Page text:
The sickness of insanity stems from external forces and stimuli, ever-present in our world, weighing heavily on the psychological, neurological, and cognitive parts of our mind. It can drive one to madness through its relentless, biased, and poisoned view of the world, creating a dichotomy between what is real and imagined. It is a defense mechanism that allows one to suffer the harms of injustice, prejudice, and discrimination, all at the expense of one’s physical and mental faculties.
Through the use of insanity as a metaphor, William Shakespeare, Edgar Allen Poe, William Blake, and Charlotte Perkins Gilman, introduced us to characters and stories that illustrate the path to insanity from the creation of a weakened psychological state that renders the victim susceptible to bouts of madness, the internalization of stimuli that has permeated the human psyche resulting in the chasm between rational and irrational thought, and the consequences of the effects of the psychological stress of external stimuli demonstrated through the actions of their characters.
The creation of a stressful psychological state of mind is prevalent in the story “The Yellow Wall-Paper” by Charlotte Perkins Gilman, as well as, Edgar Allen Poe’s “The Tell-Tale Heart”, Ophelia’s struggles in William Shakespeare’s “Hamlet”, and the self-inflicted sickness seen in William Blake’s “Mad Song”. All the characters, in these stories and poems, are subjected to external forces that plant the seed of irrationality into their minds; thus, creating an adverse intellectual reaction, that from an outsider’s point of view, could be misconstrued as being in an altered state due to the introduction of a drug, prescribed or otherwise, furthering the perception of true insanity or mental illness.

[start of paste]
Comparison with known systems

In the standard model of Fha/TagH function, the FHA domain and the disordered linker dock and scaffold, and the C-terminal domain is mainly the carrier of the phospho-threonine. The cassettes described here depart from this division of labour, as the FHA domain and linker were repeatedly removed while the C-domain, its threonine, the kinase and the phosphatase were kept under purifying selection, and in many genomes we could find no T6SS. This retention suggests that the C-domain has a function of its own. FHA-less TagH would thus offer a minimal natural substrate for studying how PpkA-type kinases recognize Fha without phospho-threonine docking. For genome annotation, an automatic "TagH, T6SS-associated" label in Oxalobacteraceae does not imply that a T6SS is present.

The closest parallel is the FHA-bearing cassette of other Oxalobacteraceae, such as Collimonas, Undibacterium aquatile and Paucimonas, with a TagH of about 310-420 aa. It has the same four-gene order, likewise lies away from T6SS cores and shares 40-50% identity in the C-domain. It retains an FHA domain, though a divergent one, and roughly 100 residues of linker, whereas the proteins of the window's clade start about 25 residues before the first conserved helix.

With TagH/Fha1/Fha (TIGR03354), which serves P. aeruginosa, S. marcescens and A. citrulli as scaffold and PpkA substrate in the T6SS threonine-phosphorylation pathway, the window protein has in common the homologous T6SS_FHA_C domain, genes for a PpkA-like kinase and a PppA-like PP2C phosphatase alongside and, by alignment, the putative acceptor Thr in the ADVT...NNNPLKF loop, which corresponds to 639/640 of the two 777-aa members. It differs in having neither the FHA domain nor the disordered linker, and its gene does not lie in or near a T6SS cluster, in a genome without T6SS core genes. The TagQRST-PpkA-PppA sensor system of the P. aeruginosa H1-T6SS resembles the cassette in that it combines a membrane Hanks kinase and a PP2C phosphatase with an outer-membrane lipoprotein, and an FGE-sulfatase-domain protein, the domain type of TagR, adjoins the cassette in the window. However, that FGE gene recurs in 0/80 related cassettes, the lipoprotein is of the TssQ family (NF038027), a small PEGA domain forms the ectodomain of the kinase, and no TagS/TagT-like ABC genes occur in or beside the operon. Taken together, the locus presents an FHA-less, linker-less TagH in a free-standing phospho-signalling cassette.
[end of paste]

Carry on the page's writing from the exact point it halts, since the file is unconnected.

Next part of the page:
Gilman’s character began her journey the moment she entered the room with the yellow wallpaper. She quickly began to sink deeper into depression as the association of her life and current situation slowly appeared to mirror her dilapidated surroundings, which displayed years of gross neglect, and summoned from within her involuntary feelings of repugnance and sickening angst. Her husband has added to her fragile psychological state, as a physician himself and her caregiver, who does not believe in her sickness and attributes her ‘condition’ to a "temporary nervous depression." (Gilman 39) As time passes she perseverates more about her condition, continues to feels worse, and exhibits a rapid decline in her emotional health.
On the other end of the spectrum, Poe’s “Tell-Tale Heart” immediately begins in a psychological frenzy, a la, in the mind of a serial killer procedurally mapping out his thought processes in premeditation of committing a murder. You can visualize how insane he really is just from the opening line of the story. “True – nervous – very, very dreadfully nervous I had been and am; but why will you say that I am mad?” (Poe 555)
Arrogance and selfish desires exude from Poe’s...